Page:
Vladimir Putin is reshaping the Middle East to fit Russia’s interests by adhering to fundamentals of international affairs that the several parts of America’s foreign policy establishment have set aside in favor of what they deem sophistication.
Unlike our “Realists,” who start out compromising our interests with those of local allies, Putin is bending theirs to Russia’s. Unlike our Liberal Internationalists who try to lead by giving power to local allies, Putin directs them in operations of his choice. Unlike our Neoconservatives who deploy force piecemeal endlessly, Putin uses it decisively.
The Wall Street Journal’s “Realists” in a Sept. 29 piece fretted that Putin’s tank/plane/artillery expeditionary force is empowering Iran as well as Syria’s Assad: “Russian planes can target anyone Assad deems an enemy.” No. They are targeting anyone who stands in the way of Russia’s objectives. That’s a big, big difference. Neither Assad, nor Iran, nor Iran’s Shia allies in what used to be Iraq have any reason to delude themselves that Putin’s assistance will take them any farther toward their own objectives than is absolutely necessary for Putin to achieve his own.
Putin’s objectives are obvious: to secure Russia’s naval base at Tartus, surrounded by a substantial enclave of Alewives rendered reliably reliant on Moscow and who will serve as its pied a terre on the Mediterranean shore, crush all challenges thereto; since ISIS is the apex of the Sunni militancy that is also infecting Russia through the Caucasus, crush ISIS. Unlike our geniuses, Putin knows that the Assad regime, the Shia militias, and the Iranians are the only people who will hazard their lives to save the Alewis and to crush ISIS. So, he is arming and organizing them. But he has no intention of trying to re-unite Syria under Assad, or to try to re-unite Iraq under the Shia, much less of seconding Iran in its Islamic World War against the Sunni.
That is why Russian forces’ first targets are the Sunni militias who are threatening the eventual Alewi enclave in the Northwest, even though they are enemies of ISIS; why Russia will pay no attention to them once they no longer pose that threat, regardless of what Assad might want; why Putin is supporting the Shia militias that are gathering to expel ISIS from Mosul as the Americans never did, but will drop them long before they put a big dent into the Sunni-Stan that now encompasses what had been western Iraq and eastern Syria. Putin will, however, help these Shia to make an example of ISIS the dread of which will resound across the Caucasus. After that, The folks in Baghdad, Damascus, and Teheran notwithstanding, Putin can be expected to propose a deal to the Saudis and Egyptians about the relationship between an ISIS-free Sunni-Stan and his Mediterranean enclave. They are likely to take those deals. The Israelis have already made their deal with Russia.
Unlike our Liberal Internationalists, Putin knows that foreigners’ incentives cannot overcome a people’s reluctance to fight only for their own ends. Knowing Sunni Arabs’ kinship to ISIS, he does not imagine that they can be relied on to fight it, or that the Kurds will fight ISIS beyond keeping it away from Kurdistan. That is why Putin allies with people who have their own reasons for exterminating it. Far from conditioning the alliance on asking the Shia to act moderately, he encourages the bloody sentiments that motivate them in the first place. But since his objectives coincide with theirs only to a certain point, he enters the alliance fully prepared to cut it short once his objectives — not theirs — are achieved.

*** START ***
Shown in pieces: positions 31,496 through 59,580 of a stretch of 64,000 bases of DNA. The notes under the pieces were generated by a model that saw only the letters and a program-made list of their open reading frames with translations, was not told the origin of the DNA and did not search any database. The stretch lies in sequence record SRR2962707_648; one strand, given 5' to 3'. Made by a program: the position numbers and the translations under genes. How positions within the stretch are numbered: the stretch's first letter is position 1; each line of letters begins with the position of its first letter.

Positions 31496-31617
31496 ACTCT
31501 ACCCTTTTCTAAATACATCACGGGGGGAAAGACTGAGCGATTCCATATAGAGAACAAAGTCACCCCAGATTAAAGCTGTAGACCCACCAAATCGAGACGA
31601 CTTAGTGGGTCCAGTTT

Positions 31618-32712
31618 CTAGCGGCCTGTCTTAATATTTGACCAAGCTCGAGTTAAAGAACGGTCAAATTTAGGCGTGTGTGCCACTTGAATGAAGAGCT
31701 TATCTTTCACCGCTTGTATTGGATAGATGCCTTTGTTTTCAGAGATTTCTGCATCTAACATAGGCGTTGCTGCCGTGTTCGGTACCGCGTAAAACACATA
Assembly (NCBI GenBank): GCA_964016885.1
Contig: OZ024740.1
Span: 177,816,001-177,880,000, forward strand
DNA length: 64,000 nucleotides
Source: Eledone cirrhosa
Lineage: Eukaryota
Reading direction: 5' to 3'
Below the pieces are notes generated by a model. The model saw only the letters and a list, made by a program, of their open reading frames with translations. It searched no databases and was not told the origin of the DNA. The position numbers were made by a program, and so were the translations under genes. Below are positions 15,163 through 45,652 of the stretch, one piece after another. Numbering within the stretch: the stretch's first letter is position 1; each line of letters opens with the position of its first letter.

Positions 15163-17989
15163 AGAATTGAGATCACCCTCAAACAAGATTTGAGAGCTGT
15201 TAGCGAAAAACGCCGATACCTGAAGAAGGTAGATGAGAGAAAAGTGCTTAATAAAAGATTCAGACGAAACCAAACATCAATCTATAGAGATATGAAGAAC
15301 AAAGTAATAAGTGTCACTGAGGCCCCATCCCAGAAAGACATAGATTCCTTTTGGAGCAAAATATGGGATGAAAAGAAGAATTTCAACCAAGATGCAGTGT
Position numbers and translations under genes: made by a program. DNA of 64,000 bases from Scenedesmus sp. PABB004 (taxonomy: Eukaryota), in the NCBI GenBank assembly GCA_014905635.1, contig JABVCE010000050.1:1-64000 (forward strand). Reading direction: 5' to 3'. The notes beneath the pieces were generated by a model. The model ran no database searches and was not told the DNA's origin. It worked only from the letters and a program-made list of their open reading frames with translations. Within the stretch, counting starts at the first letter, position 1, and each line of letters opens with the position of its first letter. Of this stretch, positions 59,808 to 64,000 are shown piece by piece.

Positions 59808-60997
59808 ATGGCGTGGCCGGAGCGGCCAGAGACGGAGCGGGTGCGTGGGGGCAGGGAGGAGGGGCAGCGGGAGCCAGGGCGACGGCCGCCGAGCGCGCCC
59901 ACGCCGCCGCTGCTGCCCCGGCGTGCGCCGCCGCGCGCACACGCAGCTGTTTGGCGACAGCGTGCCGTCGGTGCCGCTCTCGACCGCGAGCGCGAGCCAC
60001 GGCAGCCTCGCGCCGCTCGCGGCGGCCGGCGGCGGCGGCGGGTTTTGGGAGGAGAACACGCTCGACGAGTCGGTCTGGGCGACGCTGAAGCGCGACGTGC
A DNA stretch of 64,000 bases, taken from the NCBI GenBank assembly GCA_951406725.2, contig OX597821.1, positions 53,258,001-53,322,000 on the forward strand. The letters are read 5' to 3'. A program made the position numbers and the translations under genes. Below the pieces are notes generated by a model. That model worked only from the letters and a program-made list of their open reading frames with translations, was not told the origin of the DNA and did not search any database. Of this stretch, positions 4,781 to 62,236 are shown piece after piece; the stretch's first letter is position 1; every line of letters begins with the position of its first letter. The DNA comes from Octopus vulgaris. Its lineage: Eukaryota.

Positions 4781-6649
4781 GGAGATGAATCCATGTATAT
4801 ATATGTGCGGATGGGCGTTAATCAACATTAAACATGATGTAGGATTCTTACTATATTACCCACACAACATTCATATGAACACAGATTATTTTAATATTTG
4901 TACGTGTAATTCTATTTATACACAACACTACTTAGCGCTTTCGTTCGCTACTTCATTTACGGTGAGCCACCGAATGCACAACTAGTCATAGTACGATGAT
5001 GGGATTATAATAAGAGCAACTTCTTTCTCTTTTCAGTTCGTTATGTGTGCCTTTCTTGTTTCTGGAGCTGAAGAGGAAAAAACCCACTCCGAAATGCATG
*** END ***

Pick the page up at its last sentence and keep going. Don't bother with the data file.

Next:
Unlike our Neoconservatives, Putin knows that force discredits itself if it is not used decisively. Like Napoleon, he knows that you can do anything with bayonets except sit on them. Russia’s expeditionary force in the Middle East, unlike America’s, is not there to drive around replenished minefields, getting legs blown off by IEDs. Their artillery will devastate ISIS’ strongholds as it did Chechnya. Their tank/plane combination will open the way for the murderous militias.
Russia’s military orthodoxy is the decisive difference between its expedition in former Syria and Iraq, and America’s recent ventures. Russian forces seem to be prioritizing objectives, weakening the rear with strategic air strikes then moving the front forward with coordinated combined arms and little if any concern for collateral damage. Historically, this sort of behavior tends to engender respect rather than additional enmity.
Angelo M. Codevilla is professor emeritus of international relations at Boston University, and a member of the Hoover Institution’s working group on military history. He is the author of fourteen books, including Informing Statecraft, War, ends And Means, The Character of Nations, Advice to War Presidents, and To Make and Keep Peace. He served on President Ronald Reagan’s transition teams for the Department of State and the Intelligence agencies. He was a US naval officer and a US foreign service officer. As a staff member of the US Senate Intelligence committee, he supervised the intelligence agencies’ budgets with emphasis on collection systems and counterintelligence.
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